Caspian Region

The International Court of Justice Tells Both Azerbaijan and Armenia to Tone Down the Ethnic Discord

The Caspian Post
Image: Ankor Light/Shutterstock

Back in September, Armenia and Azerbaijan turned their long-running disputes into tit-for-tat legal challenges at the ICJ (International Court of Justice). In both cases, one side claimed against the other for infringements of the International Convention on the Elimination of All Forms of Racial Discrimination (CERD). However, despite what one might have imagined from social media shouting matches, neither side officially accused the other of war crimes during the 2020 conflict in their ICJ depositions.


The Armenia against Azerbaijan hearing was held first (October 15) and that of Azerbaijan against Armenia four days later (October 19). But the court orders setting out “provisional measures” from the hearings were both announced on December 7.


The considerable length and circuitous legal language of the orders make the judgements far from easy reading. Even the summaries run to 8/10 pages Arm v Az/Az v Arm. However, in what is probably good news all around, both countries were told effectively to chill out. Or put in more formal terms, to take “necessary measures to prevent the incitement and promotion of racial hatred” against the people of the other. The judgements also demanded that both parties “refrain from any action which might aggravate or extend the dispute” or “make it more difficult to resolve.”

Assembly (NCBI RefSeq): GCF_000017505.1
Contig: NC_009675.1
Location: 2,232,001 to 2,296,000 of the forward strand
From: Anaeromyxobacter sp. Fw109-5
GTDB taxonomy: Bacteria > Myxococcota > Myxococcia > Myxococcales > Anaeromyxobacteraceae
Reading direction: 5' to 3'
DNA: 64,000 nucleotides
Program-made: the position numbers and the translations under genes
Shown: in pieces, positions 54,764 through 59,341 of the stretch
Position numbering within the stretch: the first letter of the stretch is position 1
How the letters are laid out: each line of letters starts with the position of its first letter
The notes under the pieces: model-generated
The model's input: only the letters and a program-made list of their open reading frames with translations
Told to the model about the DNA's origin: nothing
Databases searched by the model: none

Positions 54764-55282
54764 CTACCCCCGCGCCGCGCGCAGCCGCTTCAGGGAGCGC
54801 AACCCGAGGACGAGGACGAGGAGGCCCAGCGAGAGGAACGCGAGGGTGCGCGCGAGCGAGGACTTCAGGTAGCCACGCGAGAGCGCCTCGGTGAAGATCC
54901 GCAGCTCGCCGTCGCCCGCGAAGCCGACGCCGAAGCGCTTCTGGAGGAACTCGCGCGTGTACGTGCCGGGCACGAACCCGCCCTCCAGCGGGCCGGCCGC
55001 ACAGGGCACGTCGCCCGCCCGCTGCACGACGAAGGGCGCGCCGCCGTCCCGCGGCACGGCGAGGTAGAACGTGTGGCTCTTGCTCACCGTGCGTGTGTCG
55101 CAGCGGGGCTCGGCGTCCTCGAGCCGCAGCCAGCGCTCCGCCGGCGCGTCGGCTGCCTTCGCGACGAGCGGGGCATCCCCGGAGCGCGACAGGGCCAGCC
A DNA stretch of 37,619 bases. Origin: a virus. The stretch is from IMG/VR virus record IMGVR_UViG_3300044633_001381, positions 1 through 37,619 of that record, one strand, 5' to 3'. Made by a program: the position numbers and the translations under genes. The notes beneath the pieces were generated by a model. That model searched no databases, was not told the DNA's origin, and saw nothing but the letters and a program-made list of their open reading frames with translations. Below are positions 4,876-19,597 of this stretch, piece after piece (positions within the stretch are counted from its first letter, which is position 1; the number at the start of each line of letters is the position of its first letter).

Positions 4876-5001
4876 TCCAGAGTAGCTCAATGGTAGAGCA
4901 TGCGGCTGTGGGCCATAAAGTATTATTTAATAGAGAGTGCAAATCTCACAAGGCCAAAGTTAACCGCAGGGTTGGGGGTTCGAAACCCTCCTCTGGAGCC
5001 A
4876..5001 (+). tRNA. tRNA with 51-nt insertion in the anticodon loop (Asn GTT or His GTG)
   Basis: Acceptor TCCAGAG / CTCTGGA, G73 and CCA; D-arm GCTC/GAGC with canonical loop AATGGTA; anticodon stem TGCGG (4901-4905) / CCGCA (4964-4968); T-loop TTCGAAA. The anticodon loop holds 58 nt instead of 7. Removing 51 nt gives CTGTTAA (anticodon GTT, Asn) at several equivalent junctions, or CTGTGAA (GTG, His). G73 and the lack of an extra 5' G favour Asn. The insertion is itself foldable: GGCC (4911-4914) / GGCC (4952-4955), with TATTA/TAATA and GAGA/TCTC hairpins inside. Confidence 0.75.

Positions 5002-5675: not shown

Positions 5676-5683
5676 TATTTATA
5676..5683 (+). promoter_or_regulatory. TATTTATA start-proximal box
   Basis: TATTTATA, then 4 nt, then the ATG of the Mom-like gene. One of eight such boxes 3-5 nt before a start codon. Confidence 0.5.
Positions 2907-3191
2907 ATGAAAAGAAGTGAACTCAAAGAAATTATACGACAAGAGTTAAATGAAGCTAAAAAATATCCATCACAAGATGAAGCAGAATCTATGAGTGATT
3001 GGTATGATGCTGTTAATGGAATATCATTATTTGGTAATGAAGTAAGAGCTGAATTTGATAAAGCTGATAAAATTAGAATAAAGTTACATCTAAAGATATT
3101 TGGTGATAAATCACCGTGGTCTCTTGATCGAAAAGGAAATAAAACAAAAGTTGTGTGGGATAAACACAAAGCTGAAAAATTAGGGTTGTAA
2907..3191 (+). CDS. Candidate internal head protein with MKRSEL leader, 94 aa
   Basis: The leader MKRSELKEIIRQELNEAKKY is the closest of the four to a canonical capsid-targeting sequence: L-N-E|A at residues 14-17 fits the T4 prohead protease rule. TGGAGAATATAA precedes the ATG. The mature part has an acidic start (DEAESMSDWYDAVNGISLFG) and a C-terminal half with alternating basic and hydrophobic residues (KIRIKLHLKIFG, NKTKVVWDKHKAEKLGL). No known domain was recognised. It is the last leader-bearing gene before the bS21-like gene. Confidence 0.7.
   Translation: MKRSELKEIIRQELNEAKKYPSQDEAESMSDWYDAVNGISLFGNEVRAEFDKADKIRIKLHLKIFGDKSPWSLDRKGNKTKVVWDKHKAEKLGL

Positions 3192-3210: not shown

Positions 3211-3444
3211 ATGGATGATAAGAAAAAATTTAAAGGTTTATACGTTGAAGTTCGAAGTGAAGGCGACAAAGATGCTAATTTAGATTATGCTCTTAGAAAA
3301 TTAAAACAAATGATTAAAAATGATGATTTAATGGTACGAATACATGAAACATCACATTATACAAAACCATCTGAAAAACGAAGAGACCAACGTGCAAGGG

Concerning some of the more detailed grievances, it’s likely that Azerbaijanis will be a little happier overall than Armenians.


Azerbaijani commentators were pleased to note that the ICJ did not mandate the immediate release of those Armenian soldiers detained for encroachment into Azerbaijani lands since the end of the Second Karabakh War.





Armenian sources, while regretting that, were pleased to have the ICJ insist on the protection of any such detainees from “violence or other bodily harm.” They also underlined the ICJ’s invocation to protect Armenian monuments and cultural sites. 



However, this is something with which the Azerbaijani government already agrees, so Baku was rapid in accepting the findings. At the time of writing, Yerevan had apparently not made an official response.


Of course, the ICJ’s judges have little real-world power with which to enforce their judgements which, for now, remain “provisional.” A full case review could take years to complete, but is unlikely to significantly alter the findings.


Full texts of the provisional judgements can be read here (Arm v Az) and here (Az v Arm).